- Published on Saturday, 15 June 2013 03:08
Fields qualified tight leading into Championship Sunday at the Ford Nationals.
NORWALK, Ohio – They're tuned. They're ready for Championship Sunday on June 16, 2013 at the McLeod NMRA Ford Nationals at Summit Motorsports Park in Norwalk, Ohio.
When the difference between the fastest and slowest elapsed times in a class dips lower than 0.8 seconds, the class crests the top edge of performance at the same time.
What a set up for a great day of racing!
At the end of three rounds of qualifying, two classes narrowed the field to within a fraction of a second: AFCO Street Outlaw, from 7.303 seconds to 8.071 seconds, for a difference of 0.768 seconds; Strange Engineering Coyote Stock, from 10.605 to 11.213, 0.608 seconds.
Except for a lone Mustang crossing the stripe two seconds slower than the others, Edelbrock Renegade clumped the field for fast and furious racing with eleven best times between 8.365 seconds and 8.980 seconds, for a difference of 0.615 seconds.
And unless he suffered a break, the lone Mustang remains within striking distance.
The competition in those heads up classes even gives spectators the racing butterflies.
On Saturday the manufacturer's midway displayed gleaming auto parts and groupings of sponsored vehicles.
Crews wrenched with other crews, and hammered out problems together.
Dads lined up for a pound of delicious Velvet Ice Cream for a buck.
On the Summit side of the race track, a car show staged glistening beauties, many from days simpler, but no less proud.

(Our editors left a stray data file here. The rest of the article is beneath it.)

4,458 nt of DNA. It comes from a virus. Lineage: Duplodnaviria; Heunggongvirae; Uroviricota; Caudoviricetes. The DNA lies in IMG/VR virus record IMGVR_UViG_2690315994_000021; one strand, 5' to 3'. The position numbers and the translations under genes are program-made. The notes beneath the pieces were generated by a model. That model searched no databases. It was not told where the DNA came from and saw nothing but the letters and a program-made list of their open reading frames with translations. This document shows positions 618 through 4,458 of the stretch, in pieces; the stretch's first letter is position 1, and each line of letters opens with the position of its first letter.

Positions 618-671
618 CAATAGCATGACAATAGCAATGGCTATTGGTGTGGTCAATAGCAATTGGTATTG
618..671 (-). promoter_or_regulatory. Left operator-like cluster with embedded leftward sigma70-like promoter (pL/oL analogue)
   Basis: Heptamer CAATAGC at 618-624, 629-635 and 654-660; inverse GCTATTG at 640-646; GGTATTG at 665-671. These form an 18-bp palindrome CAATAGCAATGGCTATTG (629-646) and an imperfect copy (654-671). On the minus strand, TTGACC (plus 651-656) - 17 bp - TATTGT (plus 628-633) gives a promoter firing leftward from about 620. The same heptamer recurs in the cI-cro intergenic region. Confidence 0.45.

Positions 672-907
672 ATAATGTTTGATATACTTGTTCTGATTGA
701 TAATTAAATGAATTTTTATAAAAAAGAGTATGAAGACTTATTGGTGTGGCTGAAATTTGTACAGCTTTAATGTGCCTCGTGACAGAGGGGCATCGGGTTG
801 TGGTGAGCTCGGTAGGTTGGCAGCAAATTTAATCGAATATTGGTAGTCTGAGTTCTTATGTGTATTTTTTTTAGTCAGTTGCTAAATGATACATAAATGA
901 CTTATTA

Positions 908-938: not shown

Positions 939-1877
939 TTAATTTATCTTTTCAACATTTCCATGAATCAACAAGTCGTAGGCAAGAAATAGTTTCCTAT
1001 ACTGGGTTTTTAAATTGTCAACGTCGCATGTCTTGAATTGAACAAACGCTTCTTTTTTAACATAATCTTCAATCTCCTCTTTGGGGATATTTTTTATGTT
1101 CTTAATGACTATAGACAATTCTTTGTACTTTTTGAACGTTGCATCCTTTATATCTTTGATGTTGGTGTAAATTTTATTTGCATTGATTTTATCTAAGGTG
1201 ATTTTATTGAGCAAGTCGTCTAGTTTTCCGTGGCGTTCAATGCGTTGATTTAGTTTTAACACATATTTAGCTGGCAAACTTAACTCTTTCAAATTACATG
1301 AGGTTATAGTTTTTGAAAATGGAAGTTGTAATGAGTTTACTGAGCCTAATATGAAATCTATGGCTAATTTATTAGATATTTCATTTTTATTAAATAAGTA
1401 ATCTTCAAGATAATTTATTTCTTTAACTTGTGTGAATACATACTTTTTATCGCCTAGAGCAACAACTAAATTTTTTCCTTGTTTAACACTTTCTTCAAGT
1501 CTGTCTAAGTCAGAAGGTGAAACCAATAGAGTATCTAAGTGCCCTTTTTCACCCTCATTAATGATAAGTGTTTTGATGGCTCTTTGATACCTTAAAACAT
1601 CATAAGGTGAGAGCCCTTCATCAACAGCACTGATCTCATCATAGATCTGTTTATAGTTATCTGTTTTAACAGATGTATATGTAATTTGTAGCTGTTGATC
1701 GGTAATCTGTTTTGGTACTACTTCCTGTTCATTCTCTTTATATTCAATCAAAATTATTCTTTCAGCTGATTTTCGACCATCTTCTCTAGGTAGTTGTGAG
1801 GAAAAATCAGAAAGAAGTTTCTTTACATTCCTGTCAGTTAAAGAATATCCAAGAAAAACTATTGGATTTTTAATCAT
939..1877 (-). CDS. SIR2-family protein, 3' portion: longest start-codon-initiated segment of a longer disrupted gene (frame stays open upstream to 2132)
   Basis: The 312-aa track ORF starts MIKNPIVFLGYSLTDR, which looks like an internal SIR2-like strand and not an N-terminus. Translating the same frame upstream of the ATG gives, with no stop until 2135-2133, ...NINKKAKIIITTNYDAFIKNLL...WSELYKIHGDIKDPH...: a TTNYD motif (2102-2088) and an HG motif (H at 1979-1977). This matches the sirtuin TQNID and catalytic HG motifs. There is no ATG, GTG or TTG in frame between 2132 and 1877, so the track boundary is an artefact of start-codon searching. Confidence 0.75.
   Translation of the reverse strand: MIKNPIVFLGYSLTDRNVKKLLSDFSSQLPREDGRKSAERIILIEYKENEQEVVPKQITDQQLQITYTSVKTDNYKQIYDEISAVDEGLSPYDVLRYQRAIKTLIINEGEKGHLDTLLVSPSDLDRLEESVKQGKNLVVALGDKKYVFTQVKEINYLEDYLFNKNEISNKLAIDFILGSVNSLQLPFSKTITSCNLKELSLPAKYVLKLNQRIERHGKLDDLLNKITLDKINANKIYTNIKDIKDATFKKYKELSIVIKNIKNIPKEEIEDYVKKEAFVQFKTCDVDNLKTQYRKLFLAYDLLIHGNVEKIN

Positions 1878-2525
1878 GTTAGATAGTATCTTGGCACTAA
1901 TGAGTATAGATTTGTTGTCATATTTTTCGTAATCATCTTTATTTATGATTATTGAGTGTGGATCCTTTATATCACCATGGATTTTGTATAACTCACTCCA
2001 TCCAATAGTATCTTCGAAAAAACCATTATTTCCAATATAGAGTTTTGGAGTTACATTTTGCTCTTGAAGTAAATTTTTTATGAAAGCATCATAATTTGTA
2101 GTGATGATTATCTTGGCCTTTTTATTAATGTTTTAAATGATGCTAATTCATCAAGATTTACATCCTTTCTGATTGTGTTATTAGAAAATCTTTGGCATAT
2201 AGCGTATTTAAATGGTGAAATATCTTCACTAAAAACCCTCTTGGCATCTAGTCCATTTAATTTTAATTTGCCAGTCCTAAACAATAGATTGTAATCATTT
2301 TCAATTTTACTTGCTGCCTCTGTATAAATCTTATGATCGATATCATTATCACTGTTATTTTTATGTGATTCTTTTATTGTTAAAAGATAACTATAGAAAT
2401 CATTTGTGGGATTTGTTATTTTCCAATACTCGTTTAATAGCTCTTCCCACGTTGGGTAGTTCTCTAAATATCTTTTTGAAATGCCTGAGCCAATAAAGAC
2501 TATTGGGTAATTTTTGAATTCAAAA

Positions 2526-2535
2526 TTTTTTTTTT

In the swap meet, Nate Inbody, 29, Painesville, Ohio displayed items from Nate's Mustang Parts, specializing in model years 1987 through 1993.
“I've been messing with this stuff since I was 15,” Nate Inbody said, adding he started the parts business about three years ago. “My dad owns a machine shop, Automotive Machine Shop in Findlay, Ohio. Both of my grandfathers are mechanics, so I grew up around gearheads.
“This is part time,” Nate Inbody said. “I teach high school shop in Wyckliffe, Ohio, near Cleveland. I do this; I work construction; anything I can do to make a buck. I'm a busy body. I keep moving.
“All this funds my addiction to drag racing,” Nate Inbody said. “I'm building a car now, a '91 Mustang. I need money to finish it up.”
Shopping in the swap meet – the Summit Motorsports Park man mall – Thomas Hank and Jeff Peterson, Warren, Ohio, and Scott Hank, Liberty, Ohio, confessed ties to the General (Motors) in spite of their true feelings.
“We love Mustangs,” said Thomas Hank, a creative director and designer. “I had an '06 GT supercharged. I had a '97 Cobra, and a '94 GT Mustang, supercharged. I don't want to mess up the event, but I have a Corvette now.”
“I've grown up around Mustangs,” said Jeff Peterson, an assembly line worker. “I'm on my seventh Mustang. I'm extra backwards, because I work for General Motors, but I love Mustangs.”
Scott Hank, Thomas's brother, studies electro utility power plant technology at Youngstown State University.
“I had two Mustangs, a '94 Cobra with nitrous, and an '88 GT Mustang,” Scott Hank said. “Now I drive a 2000 Camaro SS. I'm going to go back to a Mustang.”
What's the best thing about Championship Sunday at the McLeod NMRA Ford Nationals at Summit Motorsports Park in Norwalk, Ohio?
We've met fabulous people; enjoyed the rich, blazing colors on their metal mashing hot rods; and witnessed hard-core, E.T. slamming racing. That's all good.
Personally, there's something about the timbre of a finely tuned Cobra Jet engine – when they kick it and it roars down the track – that steals the show.
Maybe the best piece of equipment for capturing Championship Sunday is a tape recorder. During visits with my grandbaby, she can fall asleep listening to Cobra Jet smokey burnouts. That beats baby monitor sounds of “vacuum cleaner” and “rain on the outhouse roof” or whatever.
But that's just this grandma's opinion.